This book explores social movements and political activism in contemporary Japan, arguing that the 2011 Fukushima nuclear accident marks a decisive moment, which has led to an unprecedented resurgence in social and protest movements and inaugurated a new era of civic engagement. Offering fresh perspectives on both older and more current forms of activism in Japan, together with studies of specific movements that developed after Fukushima, this volume tackles questions of emerging and persistent structural challenges that activists face in contemporary Japan. With attention to the question of where the new sense of contention in Japan has emerged from and how the newly developing movements have been shaped by the neo-conservative policies of the Japanese government, the authors ask how the Japanese experience adds to our understanding of how social movements work, and whether it might challenge prevailing theoretical frameworks.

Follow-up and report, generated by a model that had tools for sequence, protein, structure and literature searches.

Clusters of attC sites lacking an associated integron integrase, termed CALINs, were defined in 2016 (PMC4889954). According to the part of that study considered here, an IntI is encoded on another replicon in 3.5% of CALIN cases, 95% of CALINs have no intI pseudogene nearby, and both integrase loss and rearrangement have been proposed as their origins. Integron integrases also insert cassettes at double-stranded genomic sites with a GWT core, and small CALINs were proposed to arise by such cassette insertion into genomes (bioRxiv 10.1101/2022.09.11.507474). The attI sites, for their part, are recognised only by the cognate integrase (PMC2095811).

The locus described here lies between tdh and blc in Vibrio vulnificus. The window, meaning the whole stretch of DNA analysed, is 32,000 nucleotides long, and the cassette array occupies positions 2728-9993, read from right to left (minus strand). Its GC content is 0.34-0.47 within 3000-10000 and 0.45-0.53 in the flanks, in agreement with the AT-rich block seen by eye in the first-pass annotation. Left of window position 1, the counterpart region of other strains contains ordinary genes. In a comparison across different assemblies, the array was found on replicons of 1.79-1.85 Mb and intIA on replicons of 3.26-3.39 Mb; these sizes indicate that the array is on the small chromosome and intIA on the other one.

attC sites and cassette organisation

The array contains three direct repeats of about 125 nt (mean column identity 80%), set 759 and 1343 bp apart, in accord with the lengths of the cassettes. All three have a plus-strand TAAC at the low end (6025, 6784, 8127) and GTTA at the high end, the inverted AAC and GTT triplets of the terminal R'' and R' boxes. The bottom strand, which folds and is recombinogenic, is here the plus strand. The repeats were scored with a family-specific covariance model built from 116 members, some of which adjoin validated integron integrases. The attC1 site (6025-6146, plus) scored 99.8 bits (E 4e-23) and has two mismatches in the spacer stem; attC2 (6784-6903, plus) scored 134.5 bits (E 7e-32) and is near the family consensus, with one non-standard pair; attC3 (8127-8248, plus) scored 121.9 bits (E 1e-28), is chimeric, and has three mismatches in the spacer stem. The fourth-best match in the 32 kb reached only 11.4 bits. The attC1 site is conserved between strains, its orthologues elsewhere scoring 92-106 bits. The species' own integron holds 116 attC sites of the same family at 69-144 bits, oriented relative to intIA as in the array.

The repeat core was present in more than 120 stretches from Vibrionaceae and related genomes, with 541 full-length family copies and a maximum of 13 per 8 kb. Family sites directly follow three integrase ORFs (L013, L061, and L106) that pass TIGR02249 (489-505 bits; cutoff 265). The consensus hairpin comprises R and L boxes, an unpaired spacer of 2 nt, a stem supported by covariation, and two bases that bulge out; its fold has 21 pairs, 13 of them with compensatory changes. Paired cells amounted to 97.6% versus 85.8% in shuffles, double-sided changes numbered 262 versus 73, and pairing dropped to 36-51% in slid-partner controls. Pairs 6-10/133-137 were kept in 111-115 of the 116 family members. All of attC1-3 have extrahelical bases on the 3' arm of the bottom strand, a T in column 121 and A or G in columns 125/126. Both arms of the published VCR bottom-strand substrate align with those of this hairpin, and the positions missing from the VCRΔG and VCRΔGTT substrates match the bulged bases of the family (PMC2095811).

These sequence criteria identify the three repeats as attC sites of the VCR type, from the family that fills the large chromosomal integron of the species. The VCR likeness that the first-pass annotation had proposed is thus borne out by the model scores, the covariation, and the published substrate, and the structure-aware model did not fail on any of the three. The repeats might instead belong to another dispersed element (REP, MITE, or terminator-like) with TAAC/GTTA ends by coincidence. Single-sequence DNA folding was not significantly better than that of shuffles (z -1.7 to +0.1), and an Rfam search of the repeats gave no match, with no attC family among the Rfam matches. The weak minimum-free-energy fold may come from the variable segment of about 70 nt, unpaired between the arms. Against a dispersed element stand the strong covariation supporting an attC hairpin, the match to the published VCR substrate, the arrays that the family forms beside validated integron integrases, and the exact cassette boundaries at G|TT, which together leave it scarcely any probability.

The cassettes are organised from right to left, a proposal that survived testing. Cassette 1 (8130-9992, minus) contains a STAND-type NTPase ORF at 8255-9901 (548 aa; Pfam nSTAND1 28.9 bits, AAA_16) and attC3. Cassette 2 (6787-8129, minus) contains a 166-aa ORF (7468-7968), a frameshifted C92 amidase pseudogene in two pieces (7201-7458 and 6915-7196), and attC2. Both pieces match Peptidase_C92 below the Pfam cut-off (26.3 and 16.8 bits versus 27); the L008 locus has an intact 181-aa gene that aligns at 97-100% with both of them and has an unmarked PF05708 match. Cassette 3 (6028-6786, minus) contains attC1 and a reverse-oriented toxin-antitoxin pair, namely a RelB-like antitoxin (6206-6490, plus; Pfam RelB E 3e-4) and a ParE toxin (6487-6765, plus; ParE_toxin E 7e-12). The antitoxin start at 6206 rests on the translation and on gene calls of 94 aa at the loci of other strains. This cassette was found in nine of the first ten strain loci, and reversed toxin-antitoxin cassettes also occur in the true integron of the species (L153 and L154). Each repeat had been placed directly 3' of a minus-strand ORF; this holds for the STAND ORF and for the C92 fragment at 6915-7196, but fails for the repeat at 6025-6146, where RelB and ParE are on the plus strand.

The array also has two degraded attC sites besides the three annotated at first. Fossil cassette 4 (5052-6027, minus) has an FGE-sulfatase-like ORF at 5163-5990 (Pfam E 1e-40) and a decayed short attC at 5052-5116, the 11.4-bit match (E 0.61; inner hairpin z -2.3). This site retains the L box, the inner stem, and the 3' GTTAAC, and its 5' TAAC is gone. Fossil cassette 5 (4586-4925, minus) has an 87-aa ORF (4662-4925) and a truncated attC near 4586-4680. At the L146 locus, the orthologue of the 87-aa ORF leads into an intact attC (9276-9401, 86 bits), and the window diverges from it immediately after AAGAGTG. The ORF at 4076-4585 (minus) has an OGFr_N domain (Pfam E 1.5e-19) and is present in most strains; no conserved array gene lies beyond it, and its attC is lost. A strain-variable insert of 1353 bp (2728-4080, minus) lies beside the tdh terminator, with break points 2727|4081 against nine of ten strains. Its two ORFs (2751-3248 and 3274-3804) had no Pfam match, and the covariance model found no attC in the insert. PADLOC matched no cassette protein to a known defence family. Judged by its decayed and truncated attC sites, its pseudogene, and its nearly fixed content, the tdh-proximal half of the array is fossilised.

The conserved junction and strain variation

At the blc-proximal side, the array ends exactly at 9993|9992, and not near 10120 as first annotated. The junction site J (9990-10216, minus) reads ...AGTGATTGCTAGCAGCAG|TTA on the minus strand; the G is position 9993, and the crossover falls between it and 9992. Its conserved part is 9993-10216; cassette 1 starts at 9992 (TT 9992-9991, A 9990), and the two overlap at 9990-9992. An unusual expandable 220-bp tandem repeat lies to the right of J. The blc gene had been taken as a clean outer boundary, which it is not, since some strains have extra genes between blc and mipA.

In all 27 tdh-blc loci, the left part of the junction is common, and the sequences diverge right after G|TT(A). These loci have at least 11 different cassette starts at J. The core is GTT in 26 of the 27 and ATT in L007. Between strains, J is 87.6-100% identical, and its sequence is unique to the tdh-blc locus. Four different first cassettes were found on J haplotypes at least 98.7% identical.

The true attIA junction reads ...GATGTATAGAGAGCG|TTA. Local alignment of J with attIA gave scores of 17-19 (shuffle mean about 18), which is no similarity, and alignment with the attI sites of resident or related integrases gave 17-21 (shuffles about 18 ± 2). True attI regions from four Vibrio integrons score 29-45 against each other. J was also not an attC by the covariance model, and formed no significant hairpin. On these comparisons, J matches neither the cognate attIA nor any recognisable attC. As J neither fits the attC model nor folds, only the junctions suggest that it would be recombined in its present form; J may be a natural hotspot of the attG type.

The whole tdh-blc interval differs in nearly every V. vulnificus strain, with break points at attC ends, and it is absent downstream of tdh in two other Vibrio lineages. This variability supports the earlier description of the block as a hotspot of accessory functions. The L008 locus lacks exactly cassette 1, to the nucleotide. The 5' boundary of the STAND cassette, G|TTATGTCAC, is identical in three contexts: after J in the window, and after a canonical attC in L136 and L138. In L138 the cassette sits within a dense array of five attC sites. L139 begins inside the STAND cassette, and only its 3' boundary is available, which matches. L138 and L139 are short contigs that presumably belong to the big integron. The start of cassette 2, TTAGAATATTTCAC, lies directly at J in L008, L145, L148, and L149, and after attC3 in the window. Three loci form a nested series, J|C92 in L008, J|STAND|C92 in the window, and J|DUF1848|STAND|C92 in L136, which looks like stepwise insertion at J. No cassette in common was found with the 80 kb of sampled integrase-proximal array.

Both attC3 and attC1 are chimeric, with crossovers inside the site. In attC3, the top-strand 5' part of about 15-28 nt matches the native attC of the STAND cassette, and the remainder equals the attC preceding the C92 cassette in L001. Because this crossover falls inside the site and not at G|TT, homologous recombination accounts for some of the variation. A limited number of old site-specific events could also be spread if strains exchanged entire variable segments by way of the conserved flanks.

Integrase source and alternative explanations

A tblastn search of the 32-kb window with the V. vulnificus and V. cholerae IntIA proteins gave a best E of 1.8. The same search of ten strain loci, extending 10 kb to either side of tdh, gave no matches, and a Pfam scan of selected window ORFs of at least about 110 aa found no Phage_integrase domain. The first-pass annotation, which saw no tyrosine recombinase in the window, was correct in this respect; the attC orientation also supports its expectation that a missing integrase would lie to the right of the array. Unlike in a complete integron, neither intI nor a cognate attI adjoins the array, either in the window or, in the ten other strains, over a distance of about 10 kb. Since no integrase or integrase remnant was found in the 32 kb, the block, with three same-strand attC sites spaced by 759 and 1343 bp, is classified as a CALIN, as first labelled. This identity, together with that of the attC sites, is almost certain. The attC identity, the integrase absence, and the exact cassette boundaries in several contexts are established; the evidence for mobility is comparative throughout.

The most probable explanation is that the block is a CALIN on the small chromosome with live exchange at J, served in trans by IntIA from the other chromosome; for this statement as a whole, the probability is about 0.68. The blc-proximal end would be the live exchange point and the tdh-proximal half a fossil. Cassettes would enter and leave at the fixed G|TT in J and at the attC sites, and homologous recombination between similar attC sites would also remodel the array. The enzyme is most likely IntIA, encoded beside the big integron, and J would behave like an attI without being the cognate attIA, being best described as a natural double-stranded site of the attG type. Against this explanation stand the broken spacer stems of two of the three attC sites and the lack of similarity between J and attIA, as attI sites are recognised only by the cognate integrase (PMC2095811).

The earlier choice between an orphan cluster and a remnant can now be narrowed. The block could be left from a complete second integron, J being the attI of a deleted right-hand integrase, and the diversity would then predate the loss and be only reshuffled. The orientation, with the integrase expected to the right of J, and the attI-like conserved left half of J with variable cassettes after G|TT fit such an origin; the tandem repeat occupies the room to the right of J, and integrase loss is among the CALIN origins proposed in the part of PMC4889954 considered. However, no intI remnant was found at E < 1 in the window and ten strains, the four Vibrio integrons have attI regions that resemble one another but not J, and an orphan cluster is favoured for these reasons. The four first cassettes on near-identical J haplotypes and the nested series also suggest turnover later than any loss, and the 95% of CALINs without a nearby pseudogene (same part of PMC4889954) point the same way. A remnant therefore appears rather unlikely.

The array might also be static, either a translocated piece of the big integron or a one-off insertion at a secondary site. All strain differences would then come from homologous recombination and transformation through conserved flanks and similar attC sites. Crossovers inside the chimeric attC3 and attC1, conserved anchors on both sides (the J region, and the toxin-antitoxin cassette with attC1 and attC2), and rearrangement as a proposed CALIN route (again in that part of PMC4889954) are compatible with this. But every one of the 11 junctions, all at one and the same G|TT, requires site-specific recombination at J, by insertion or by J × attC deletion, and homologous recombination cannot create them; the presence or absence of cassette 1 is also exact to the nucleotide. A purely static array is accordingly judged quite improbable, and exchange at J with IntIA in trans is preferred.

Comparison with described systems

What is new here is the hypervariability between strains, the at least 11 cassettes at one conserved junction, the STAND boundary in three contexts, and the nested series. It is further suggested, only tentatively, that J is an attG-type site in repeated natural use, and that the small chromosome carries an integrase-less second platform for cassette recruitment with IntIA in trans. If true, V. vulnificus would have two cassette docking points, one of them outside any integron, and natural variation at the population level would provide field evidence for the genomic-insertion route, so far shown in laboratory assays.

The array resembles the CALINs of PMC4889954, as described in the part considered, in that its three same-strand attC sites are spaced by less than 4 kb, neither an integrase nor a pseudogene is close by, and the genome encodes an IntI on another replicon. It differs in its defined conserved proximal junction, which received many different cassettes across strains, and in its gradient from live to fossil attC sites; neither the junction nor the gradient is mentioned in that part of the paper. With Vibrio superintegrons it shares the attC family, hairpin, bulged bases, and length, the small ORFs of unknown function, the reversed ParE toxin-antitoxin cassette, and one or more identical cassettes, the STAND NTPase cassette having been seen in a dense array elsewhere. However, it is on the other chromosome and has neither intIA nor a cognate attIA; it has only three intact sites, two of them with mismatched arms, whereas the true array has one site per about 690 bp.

chapter 1|23 pages

Towards a new protest cycle in contemporary Japan?

The resurgence of social movements and confrontational political activism in historical perspective 1
ByDavid Chiavacci, Julia Obinger

part I|88 pages

Fresh perspectives on social movements and political activism

chapter 2|24 pages

The uneven path of social movements in Japan

ByPatricia G. Steinhoff

chapter 3|20 pages

Asia and the development of civic activism in post-war Japan

BySimon Avenell

chapter 4|22 pages

Political protest from the periphery

Social movements and global citizenship in Okinawa
ByGabriele Vogt

chapter 5|20 pages

Activism for harmony?

Immigrant rights activism and xenophobic activism
ByApichai W. Shipper

part II|85 pages

Fukushima and beyond – towards new political culture and action repertoires?

chapter 8|21 pages

Civil society advocacy after Fukushima

The case of the Nuclear Disaster Victims’ Support Law
ByAyaka Löschke

chapter 9|21 pages

Mass media representations of youth social movements in Japan

ByRobin O’Day, David H. Slater, Satsuki Uno